20 is the new 15 when it comes to today’s horses. With advancements in veterinary medicine and good horsekeeping practices, senior equines are proving that age is just a mindset. Keeping your mature horse going strong takes commitment on your part, but the payoff is the partnership between you and your horse for years to come. Use these 10 tips to help keep your veteran horse young at heart.
A Purpose in Life
Just because they’re a little long in the tooth doesn’t necessarily mean they’re ready for retirement. Seasoned campaigners often put their young brethren to shame, whether it’s good behavior in the barn aisle or a blue-ribbon performance in the competitive arena. For example, David O’Connor’s famous Olympic mount took retirement from eventing at the young age of 17 to work as an ambassador for equestrian sport at the Kentucky Horse Park. If your vet gives the OK, keep your horse’s mind and body going in a suitable career that he enjoys.
Keep Them Moving
Tucking your senior horse into their cozy stall that’s bedded up to his belly may help you rest better, but it’s probably not best for them health-wise. To help ward off ailments such as arthritis, obesity and respiratory disease, it’s better to keep their body in motion with plenty of turnout—optimally, 24/7—for a healthier lifestyle.
More Than a Fleeting Glance
Use your eyes to stave off potentially life-threatening problems by giving your horse a daily once-over. Ask yourself: are they eating/drinking/behaving like normal? Do they have any wounds, bumps, swelling, skin problems or hoof maladies that need attention? Are they bright and alert? Are they moving out as usual? Seniors don’t always bounce back as quickly from injury or illness, so don’t hold off on treatment. And don’t wait to call your vet if the situation looks serious.
What’s On the Menu?
Stemmy, poor-quality hay, weedy pasture and sugary grains … these are less than ideal food choices for an ageing horse because they won’t meet their nutritional needs. As horses age, their digestive systems become less efficient, and their ability to absorb and utilize essential nutrients in their feed, especially protein, phosphorus and fiber, decreases. Make smart menu selections, such as good pasture grass supplemented with high-quality hay that is easy to chew and digest, along with complete feeds designed for your senior horse. If your older horse has dental problems—hence chewing problems—you’ll have to accommodate your horse with complete senior feeds and/or hay pellets. Talk to your veterinarian about any special supplements to round out the menu.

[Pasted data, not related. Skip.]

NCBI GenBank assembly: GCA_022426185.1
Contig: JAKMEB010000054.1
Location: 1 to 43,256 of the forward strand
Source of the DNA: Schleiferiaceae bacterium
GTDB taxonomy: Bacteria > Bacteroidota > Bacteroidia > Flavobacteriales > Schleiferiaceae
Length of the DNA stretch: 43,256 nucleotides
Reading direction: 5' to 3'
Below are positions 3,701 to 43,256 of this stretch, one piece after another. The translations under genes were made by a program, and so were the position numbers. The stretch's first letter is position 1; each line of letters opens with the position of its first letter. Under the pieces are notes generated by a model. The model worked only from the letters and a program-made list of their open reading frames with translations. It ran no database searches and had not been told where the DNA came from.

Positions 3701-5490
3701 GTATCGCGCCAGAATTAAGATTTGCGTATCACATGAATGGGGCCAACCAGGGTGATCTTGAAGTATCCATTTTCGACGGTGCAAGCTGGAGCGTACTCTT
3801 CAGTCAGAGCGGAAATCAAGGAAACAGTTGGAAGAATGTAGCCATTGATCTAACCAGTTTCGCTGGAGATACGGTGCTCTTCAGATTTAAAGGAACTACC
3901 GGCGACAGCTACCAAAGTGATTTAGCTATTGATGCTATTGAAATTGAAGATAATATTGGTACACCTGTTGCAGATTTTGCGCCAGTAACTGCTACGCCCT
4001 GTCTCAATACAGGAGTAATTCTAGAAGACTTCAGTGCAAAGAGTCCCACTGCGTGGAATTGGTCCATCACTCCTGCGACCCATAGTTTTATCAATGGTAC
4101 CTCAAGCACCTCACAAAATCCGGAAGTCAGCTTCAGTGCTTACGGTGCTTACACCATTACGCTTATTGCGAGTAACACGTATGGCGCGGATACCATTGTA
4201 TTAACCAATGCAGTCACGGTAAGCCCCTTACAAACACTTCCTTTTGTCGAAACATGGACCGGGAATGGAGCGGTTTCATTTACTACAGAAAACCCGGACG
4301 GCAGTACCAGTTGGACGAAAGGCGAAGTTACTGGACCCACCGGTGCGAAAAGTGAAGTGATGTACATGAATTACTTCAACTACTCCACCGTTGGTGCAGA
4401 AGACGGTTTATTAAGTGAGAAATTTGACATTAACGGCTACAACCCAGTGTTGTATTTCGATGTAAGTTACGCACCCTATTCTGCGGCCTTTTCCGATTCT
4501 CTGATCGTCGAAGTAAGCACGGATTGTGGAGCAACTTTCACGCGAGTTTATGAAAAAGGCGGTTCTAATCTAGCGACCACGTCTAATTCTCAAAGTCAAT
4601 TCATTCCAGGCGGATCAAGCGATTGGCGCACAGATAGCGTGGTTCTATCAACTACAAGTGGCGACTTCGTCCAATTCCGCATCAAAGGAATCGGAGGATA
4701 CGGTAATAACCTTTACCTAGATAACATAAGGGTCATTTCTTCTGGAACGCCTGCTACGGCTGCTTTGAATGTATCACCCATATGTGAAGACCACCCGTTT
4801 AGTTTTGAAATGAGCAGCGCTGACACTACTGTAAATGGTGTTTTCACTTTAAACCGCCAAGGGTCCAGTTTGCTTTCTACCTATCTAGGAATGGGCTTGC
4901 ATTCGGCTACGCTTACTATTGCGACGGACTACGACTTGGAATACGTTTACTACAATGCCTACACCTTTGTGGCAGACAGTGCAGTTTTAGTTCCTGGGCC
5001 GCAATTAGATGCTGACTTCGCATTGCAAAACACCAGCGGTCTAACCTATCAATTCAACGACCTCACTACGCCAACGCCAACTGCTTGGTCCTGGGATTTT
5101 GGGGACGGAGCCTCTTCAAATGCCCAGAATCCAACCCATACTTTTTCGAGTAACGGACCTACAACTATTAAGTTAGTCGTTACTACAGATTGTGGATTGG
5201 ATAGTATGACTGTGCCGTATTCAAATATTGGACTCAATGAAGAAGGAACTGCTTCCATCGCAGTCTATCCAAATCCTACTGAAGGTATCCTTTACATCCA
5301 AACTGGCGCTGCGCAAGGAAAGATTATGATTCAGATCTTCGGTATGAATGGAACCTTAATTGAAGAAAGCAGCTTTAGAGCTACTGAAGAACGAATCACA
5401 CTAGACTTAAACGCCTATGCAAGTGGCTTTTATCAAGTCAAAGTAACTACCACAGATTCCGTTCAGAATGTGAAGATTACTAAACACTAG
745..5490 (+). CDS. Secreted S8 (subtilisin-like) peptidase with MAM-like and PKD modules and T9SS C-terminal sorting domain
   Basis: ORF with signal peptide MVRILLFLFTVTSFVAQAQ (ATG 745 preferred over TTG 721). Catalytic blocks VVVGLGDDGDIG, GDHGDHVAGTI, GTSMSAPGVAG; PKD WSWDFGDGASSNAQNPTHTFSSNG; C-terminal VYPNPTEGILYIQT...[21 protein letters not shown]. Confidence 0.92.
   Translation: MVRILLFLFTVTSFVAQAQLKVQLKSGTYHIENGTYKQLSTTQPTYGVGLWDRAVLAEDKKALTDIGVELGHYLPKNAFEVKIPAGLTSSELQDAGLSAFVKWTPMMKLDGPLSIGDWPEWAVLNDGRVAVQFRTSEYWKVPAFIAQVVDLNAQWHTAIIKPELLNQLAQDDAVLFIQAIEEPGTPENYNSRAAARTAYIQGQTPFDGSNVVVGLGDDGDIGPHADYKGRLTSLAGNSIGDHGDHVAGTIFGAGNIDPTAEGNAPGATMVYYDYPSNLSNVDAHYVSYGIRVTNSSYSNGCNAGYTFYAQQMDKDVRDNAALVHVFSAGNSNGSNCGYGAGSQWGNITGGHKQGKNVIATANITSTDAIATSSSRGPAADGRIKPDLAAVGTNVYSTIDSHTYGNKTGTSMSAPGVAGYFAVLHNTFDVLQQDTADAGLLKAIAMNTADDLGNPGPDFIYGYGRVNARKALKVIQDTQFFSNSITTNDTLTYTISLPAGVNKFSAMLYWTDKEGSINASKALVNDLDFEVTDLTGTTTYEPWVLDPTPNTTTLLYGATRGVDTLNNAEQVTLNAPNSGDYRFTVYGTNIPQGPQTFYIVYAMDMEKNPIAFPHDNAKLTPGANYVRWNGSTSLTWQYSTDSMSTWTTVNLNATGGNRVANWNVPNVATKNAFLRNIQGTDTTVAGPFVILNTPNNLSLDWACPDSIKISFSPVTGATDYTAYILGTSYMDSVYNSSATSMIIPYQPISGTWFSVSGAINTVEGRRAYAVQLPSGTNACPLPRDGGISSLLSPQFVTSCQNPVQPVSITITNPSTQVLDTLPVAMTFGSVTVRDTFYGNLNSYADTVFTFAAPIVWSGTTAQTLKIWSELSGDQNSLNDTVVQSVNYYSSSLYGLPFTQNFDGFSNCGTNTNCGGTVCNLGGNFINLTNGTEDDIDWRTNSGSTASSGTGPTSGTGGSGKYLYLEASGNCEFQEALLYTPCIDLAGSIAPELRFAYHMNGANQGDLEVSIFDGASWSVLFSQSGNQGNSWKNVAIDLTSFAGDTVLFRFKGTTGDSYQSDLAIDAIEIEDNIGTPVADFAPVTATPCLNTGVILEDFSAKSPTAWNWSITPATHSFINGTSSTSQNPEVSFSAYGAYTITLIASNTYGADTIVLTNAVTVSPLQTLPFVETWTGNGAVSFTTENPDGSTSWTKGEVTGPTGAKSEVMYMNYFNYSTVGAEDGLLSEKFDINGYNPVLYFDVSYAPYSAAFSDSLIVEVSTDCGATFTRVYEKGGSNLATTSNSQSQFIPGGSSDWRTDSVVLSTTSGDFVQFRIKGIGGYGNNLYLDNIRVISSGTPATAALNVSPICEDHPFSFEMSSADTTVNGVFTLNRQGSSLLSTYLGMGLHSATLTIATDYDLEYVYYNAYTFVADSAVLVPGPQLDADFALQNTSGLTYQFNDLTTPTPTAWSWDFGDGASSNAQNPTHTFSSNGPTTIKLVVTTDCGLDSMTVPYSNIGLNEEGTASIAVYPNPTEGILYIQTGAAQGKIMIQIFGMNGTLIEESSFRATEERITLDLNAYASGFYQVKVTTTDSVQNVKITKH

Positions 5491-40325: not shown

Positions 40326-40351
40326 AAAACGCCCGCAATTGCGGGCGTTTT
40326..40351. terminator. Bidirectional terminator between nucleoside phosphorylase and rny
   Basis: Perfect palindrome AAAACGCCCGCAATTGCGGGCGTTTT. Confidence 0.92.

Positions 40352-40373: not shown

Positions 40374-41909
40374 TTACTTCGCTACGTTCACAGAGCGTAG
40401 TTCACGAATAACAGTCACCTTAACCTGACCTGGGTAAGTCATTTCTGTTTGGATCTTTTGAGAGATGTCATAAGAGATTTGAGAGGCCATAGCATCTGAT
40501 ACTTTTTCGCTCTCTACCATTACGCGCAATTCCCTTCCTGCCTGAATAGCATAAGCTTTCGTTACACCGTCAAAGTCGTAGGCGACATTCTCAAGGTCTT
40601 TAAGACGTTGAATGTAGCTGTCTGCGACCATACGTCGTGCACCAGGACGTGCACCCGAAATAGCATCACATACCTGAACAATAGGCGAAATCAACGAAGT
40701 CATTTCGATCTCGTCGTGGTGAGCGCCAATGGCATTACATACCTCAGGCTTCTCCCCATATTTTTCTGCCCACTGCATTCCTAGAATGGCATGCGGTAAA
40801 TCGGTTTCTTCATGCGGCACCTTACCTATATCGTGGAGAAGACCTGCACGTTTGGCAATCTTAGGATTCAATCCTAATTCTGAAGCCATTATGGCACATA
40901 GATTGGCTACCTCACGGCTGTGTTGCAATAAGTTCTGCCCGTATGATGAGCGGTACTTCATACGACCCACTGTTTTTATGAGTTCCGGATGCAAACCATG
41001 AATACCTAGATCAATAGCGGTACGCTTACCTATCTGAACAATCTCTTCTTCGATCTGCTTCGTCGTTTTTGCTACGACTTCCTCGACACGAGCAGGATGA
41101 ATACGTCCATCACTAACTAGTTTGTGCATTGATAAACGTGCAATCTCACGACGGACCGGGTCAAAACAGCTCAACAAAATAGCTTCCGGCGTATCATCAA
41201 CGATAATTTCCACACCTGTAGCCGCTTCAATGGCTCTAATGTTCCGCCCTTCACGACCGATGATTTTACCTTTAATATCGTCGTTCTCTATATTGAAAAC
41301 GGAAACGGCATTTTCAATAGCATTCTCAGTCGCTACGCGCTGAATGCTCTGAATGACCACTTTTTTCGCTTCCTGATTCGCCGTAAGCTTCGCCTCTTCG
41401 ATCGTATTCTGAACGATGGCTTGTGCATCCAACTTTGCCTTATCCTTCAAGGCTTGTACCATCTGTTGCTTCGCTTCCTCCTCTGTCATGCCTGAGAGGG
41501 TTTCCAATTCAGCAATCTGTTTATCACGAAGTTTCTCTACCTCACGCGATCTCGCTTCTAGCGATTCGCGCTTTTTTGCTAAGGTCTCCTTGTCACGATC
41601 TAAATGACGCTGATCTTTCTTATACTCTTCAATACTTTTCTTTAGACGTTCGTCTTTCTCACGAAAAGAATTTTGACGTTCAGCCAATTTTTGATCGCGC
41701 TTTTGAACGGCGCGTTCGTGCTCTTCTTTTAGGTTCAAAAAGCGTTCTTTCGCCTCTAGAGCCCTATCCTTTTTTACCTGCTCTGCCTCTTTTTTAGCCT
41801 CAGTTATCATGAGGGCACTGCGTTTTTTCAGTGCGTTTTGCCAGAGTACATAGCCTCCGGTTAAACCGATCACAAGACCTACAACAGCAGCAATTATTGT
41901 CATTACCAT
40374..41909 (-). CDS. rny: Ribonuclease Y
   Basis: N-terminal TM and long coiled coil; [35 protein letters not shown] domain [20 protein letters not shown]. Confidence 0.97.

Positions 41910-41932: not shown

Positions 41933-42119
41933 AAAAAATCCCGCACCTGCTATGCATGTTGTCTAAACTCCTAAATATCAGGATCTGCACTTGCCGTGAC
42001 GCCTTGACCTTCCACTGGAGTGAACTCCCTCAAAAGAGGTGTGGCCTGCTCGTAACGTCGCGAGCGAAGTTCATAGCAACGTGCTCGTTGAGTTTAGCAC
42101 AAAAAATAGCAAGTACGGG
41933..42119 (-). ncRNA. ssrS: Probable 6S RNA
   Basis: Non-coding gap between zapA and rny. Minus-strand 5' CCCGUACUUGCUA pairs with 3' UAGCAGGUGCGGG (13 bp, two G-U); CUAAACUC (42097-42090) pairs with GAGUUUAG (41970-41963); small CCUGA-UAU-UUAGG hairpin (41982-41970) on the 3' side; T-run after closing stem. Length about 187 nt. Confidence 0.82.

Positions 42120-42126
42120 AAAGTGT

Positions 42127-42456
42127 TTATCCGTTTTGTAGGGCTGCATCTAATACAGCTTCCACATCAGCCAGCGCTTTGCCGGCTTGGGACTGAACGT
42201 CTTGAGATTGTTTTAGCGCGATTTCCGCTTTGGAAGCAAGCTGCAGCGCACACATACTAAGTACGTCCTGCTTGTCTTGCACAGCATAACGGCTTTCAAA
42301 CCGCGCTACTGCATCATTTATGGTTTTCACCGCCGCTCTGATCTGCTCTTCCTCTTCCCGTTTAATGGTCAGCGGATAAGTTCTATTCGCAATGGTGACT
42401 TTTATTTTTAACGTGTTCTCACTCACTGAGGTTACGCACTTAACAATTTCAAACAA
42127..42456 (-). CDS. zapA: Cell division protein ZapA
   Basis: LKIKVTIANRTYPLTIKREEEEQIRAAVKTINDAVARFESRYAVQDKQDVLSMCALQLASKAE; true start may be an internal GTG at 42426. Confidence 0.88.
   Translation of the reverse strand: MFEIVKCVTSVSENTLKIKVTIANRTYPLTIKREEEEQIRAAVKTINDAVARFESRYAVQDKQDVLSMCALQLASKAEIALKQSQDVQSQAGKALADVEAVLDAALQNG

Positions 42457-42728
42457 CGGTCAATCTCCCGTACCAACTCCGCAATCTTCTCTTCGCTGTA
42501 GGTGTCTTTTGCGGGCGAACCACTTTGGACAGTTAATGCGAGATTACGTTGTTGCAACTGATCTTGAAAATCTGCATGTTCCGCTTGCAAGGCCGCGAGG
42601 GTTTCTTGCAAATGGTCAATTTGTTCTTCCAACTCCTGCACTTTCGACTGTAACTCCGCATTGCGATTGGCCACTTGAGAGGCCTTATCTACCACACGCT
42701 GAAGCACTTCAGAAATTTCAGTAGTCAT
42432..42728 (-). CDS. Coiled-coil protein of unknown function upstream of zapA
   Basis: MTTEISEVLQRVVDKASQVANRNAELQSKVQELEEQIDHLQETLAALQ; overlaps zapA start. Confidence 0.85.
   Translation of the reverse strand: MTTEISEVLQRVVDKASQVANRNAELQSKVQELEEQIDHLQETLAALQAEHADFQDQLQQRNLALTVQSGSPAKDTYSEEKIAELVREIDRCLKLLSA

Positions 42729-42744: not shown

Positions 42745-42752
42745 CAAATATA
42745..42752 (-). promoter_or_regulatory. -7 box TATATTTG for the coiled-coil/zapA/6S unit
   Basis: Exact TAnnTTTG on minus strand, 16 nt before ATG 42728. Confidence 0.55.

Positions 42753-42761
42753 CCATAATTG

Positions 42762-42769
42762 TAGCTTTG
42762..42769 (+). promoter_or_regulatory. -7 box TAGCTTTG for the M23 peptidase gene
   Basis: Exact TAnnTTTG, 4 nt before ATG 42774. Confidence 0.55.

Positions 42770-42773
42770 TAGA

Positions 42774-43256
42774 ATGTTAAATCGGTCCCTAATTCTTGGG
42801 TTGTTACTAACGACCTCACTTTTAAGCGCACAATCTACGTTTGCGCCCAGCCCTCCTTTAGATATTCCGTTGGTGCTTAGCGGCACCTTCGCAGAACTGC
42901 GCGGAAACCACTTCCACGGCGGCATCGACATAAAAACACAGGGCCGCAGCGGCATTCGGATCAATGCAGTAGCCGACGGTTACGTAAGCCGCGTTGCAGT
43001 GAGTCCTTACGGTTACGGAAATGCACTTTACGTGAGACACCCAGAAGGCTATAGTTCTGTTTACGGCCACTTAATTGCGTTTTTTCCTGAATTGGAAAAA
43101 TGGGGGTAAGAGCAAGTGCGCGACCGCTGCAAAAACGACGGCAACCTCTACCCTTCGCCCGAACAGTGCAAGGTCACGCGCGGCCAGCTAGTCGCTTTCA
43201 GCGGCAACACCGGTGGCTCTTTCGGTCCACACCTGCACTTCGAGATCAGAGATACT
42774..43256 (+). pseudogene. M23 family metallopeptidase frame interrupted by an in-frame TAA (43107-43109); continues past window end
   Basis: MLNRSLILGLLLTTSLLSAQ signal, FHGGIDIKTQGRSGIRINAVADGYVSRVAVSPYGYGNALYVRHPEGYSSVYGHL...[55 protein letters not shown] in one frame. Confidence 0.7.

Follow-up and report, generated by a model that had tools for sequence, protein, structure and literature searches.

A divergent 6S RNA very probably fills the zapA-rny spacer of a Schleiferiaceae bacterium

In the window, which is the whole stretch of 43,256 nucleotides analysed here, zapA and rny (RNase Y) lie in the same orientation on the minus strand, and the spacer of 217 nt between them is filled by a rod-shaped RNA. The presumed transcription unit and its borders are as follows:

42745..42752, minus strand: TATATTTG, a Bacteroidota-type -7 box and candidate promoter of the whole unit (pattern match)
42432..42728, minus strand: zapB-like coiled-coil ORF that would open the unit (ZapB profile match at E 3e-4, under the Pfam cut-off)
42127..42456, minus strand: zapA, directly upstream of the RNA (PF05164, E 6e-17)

“Mature” horses need thorough dental exams at least once a year, whether there are signs of problems or not. Besides a float, an equine dentist will look for diseases that afflict older horses, such as periodontal disease and tooth decay. If you put off your horse’s dental appointment, you could be risking their health. By the time you notice a problem—trouble chewing and dropping food, which leads to weight loss—it may be too late: Tooth surfaces that are severely uneven can be impossible to fix.
Regular vet visits, which should include blood work, can help ward off disease in your older horse. Cushing’s disease, liver and kidney problems, anemia, electrolyte imbalances, insulin resistance, and other senior horse disorders can be detected with blood tests. A hands-on examination can monitor old-age conditions, such as eye disease, dental issues, weight loss.
Balanced for Soundness
Reducing your aged horse’s workload doesn’t mean you can cut back on his hoof care. Even if they’re retired to pasture, they still need trimming/shoeing every six to eight weeks. Keeping hooves balanced can be even more critical in the aged horse that suffers from debilitating diseases like arthritis, navicular or laminitis, and your farrier can also alert you to any unforeseen hoof problems that might be brewing.
Lack of shelter during bad weather, pesky parasites, disease and herd rivals are detrimental to your senior’s immune system. Don’t let them slip: Always provide protection from rain, wind, heat and frigid conditions; stick to a regular deworming program; keep up on insect control and make sure to vaccinate on time.
That’s What Friends Are For
Allow your neighbourly oldster to flaunt his social skills by giving your horse some equine friends. Letting your horse partake in normal horseplay with their own kind will improve their quality of life and may just help them live longer. Make sure their pals are well-matched to their “mature” personality to minimize injury and ensure that your horse gets their fair share of food and water.
Lots of Lovin’
While edible treats are fine now and then, give them in moderation. Instead, overindulge your horse with extra pats and praise for everything that makes them so special. Added benefits: they’ll be more eager to please, and spoiling them rotten this way is good for your emotional well-being.